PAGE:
A recent collaboration between Aiberry and The University of Texas at Austin has concluded that Aiberry’s AI-based mental health assessment platform holds clinical equivalency to established depression questionnaires. Significantly, the study found no evidence of bias in the model concerning gender, age, or race.

mental health assessment

The study spotlighted the pressing issue of the mental health provider shortage and burnout in the US. Lynne Dunbrack, Group Vice President for IDC Health Insights, highlighted the potential of AI tools like Aiberry to alleviate this problem. She commented on how such platforms can offer immediate, scalable, clinically relevant information, facilitating smoother clinical decision-making and optimizing patient care.

Aiberry’s application departs from conventional depression assessment methods, which generally rely on individuals selecting answers from multiple-choice questions. Instead, users interact with “Botberry,” a digital animation, expressing their feelings in their own words. This method amalgamates the responses, generating an overall depression risk score accompanied by symptom-level insights and response transcripts.

Rachel Weisenburger, the lead author of the clinical validation study, noted the unique approach Aiberry adopts, emphasizing its ability to provide a comprehensive understanding of depression. By focusing on individual experiences, Aiberry can offer clinicians a deeper context than traditional forms.

The research, currently undergoing peer review, involved nearly 400 participants aged between 18 and 74. Participants interacted with Botberry and also filled out a traditional gold-standard depression questionnaire. When discrepancies arose between Aiberry’s risk score and the standard form, clinicians reviewed the results to gauge clinical alignment.

Feedback from the post-study user survey was overwhelmingly positive for Aiberry. Three in four users favored Aiberry over multiple-choice questionnaires. This preference heightened for those with mild-to-moderate depression risk. 88% of all participants indicated an interest in using Aiberry monthly for mental health evaluations.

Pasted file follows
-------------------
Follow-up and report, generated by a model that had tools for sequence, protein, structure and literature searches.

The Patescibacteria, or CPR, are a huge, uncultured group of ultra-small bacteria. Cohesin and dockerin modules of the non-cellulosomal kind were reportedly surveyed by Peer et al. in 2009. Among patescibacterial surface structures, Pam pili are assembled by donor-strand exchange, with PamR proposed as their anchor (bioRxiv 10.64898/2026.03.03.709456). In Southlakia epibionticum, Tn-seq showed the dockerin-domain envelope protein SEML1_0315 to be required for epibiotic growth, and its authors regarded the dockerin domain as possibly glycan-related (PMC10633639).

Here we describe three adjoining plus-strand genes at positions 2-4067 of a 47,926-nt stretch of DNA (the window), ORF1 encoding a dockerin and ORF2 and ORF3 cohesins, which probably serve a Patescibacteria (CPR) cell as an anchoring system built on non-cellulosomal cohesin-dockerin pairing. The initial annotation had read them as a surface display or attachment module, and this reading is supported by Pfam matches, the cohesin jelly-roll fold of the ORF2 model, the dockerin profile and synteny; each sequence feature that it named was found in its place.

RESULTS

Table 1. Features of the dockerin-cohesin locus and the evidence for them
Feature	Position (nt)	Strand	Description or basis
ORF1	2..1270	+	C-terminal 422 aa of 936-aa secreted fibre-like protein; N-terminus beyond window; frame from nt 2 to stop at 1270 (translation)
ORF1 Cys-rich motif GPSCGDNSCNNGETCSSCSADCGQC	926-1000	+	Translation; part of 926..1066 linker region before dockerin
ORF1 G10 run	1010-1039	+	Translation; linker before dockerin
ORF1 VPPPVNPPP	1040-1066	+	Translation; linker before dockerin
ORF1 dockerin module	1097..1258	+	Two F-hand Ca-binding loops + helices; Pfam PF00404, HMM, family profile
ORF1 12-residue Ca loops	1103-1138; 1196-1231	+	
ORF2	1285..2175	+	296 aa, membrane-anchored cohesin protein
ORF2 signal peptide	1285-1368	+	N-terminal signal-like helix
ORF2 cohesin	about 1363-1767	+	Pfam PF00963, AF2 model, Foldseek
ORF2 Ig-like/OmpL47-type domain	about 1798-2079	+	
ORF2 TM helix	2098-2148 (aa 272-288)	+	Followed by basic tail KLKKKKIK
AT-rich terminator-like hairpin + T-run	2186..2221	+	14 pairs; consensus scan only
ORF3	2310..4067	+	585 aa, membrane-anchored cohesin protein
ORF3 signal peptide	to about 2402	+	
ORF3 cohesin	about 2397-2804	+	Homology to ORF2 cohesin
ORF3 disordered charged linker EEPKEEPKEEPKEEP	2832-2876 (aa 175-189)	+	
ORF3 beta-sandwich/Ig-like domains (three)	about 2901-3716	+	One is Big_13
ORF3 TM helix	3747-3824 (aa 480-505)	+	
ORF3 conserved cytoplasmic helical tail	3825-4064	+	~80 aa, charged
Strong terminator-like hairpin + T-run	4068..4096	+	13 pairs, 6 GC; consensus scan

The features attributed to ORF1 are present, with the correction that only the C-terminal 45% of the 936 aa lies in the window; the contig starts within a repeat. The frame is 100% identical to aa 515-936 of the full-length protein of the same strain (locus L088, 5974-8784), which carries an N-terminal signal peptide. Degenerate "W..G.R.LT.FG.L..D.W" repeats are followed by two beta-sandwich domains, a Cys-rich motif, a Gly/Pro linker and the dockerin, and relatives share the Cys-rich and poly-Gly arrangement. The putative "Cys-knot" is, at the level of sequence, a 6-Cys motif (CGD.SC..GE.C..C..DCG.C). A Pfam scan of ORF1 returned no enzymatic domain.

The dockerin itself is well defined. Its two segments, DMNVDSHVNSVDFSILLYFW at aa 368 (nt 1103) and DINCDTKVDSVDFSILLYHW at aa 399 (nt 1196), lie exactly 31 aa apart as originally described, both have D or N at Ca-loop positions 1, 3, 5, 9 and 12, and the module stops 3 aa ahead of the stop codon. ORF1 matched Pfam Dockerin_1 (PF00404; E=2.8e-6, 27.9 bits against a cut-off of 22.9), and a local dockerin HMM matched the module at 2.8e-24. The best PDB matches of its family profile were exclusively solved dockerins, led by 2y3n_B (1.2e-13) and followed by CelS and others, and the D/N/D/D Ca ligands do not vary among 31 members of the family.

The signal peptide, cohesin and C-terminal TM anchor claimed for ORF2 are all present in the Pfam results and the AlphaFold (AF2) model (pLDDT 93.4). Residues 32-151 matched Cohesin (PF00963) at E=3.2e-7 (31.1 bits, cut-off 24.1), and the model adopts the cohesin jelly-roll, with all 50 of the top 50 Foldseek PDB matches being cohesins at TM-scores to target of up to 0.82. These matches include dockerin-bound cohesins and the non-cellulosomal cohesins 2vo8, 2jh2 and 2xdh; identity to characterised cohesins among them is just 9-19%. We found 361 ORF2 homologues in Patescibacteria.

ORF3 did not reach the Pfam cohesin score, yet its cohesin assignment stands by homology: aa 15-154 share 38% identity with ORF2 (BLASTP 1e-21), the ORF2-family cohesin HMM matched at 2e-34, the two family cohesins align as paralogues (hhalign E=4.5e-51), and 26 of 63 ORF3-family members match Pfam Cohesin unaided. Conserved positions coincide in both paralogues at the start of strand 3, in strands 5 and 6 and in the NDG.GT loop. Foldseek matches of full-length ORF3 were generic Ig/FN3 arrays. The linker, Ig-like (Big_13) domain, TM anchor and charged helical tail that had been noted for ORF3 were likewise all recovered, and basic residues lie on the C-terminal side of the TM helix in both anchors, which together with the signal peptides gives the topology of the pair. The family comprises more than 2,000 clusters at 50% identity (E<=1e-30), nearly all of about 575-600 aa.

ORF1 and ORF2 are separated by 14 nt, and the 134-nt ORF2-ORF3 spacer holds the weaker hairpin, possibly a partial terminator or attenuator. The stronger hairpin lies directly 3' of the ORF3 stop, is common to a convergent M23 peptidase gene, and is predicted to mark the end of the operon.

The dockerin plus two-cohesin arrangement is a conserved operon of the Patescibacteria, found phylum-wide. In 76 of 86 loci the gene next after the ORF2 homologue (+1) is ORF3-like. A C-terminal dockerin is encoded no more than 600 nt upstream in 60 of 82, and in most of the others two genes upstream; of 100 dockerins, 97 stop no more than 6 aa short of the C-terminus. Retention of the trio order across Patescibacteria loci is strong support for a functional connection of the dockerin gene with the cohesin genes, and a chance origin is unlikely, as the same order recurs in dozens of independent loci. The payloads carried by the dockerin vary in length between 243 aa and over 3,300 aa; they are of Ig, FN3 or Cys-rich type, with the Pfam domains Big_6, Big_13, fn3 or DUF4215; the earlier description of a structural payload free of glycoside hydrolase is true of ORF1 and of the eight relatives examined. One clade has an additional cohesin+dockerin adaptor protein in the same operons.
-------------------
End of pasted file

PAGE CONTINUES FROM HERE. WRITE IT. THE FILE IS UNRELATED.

Linda Chung, Aiberry Co-CEO, expressed her enthusiasm about the study’s findings, emphasizing the company’s commitment to advancing mental health screening in terms of accessibility, accuracy, and human-centricity. “In an era where the demand for mental health services far outpaces the supply of providers, having a trusted, clinically validated platform for assessment is a game-changer for both patients and clinicians,” said Linda Chung. “Crossing the clinical validation threshold is a massive milestone for Aiberry, and reaching parity with the current gold standard exceeded our initial expectations. As Aiberry continues to scale and help more people, the AI model will only improve. This is only the beginning of Aiberry’s mission to make mental health screening more accessible, accurate, and human-centered.”

Study Methodology

Conducted by The University of Texas in collaboration with Georgetown University Medical Center and the University of Arizona, this study is currently under peer review (preprint available here). Nearly 400 participants, aged 18 to 74, answered questions posed by Botberry and completed a gold-standard depression questionnaire. Aiberry then generated a depression risk score based on the Botberry-administered interview responses. In cases of meaningful discrepancies between Aiberry’s risk score and the gold-standard form, clinicians conducted a masked review to determine which they were more clinically aligned with.

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